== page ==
Tuesday, June 30, 2009

"Short of writing 'get whitey,' it's difficult to imagine how Judge Sotomayor could have fouled up the Ricci case any more than she did."

The above quote is from John at Powerlineblog. In his post, he counts the ways Sotomayor fouled up:
Fourth, even the dissenting Justices blew off the reasoning of Sotomayor's panel in a footnote, and fashioned their own, different standard for deciding the case.

Fifth, the dissenting Justices made it clear they would have disposed of the case differently than the way Sotomayor's panel disposed of it. The [Sotomayor] panel affirmed the district court's grant of summary judgment in favor of the City of New Haven, which would have ended the matter. The [SCOTUS] dissenters, in the panel's position, would have remanded the case to the district court for further proceedings under the different standard for deciding the matter that it articulated.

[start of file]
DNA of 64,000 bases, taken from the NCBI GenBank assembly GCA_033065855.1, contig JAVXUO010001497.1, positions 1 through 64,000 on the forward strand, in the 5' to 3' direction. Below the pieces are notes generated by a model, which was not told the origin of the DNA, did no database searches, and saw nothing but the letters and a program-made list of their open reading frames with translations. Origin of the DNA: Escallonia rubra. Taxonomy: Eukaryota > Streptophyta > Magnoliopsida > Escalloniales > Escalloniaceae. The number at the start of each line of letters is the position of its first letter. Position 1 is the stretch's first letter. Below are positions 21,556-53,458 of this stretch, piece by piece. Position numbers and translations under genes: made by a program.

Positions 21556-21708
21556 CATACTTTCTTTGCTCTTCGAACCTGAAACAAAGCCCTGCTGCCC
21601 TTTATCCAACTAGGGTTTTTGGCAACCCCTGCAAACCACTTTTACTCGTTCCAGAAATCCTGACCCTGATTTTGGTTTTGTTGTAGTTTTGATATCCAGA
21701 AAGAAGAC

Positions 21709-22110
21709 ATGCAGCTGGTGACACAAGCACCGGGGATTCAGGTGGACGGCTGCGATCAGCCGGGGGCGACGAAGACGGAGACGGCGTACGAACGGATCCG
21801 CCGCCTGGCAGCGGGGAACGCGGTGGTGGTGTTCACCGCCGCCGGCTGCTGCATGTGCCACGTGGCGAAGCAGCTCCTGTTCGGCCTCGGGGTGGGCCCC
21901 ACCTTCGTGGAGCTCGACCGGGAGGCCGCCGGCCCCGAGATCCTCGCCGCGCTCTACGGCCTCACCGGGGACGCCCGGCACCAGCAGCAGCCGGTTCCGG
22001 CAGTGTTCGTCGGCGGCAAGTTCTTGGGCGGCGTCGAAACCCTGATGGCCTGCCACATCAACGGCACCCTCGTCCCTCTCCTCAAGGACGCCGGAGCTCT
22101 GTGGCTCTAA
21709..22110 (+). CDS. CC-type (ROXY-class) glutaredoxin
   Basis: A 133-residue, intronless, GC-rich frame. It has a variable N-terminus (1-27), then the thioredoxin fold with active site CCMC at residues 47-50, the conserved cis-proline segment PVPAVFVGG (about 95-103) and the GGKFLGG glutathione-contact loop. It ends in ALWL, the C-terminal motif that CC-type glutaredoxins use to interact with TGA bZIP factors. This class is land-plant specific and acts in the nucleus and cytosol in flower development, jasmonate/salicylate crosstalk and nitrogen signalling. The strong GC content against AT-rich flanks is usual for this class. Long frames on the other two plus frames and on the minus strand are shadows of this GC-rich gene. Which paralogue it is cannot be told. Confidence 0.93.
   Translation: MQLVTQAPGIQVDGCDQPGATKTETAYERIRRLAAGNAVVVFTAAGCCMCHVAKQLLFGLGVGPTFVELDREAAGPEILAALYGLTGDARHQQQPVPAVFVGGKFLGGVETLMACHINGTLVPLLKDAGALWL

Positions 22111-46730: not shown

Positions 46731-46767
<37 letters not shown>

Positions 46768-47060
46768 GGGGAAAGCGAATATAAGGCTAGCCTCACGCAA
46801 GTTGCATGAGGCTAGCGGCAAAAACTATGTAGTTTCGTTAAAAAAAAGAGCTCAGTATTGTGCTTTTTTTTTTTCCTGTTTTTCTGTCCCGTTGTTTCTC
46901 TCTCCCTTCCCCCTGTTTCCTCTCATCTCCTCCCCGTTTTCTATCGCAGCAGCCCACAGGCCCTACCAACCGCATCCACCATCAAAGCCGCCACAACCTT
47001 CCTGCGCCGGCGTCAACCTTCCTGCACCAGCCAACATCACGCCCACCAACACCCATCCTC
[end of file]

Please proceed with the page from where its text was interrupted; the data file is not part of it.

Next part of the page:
Thus we see that the 5 SCOTUS Justices in the majority disagreed with Sotomayor, yet the 4 SCOTUS Justices in the minority also believed Sotomayor botched Ricci in a big way. Ginsburg hints that New Haven likely would have won the case if Sotomayor had properly remanded the case to the District Court.

It's being written today, especially in MSM, that the 5-4 SCOTUS verdict vindicates Sotomayor. Horse manure. The Supreme Court ruled 5-4 against New Haven. The Court ruled 9-0 against Sonia Sotomayor.

John at Powerline concludes:
Judge Sotomayor's work in Ricci should raise serious questions about either her competence or her capacity to handle difficult civil rights cases (essentially the only kind that make it to the Supreme Court) impartially.

At neo-neocon, Occam's Beard defends his assertion that Sotomayor is incompetent:
Sotomayor is incompetent because she issued an unsubstantiated summary judgment - reserved for situations wherein no reasonable jury, properly applying the law, could find for the non-moving party. In essence, a summary judgment is saying that there is no issue of law, that no reasonable group of people could possibly disagree. It is a statement, in essence, that this one is a no-brainer.

The Supreme Court, no less, begged to differ with her.

Getting an appellate ruling reversed on appeal to the Supreme Court is one thing, but getting a summary judgment reversed is outrageous. It is, on its face, a statement that the appellate court was incompetent.

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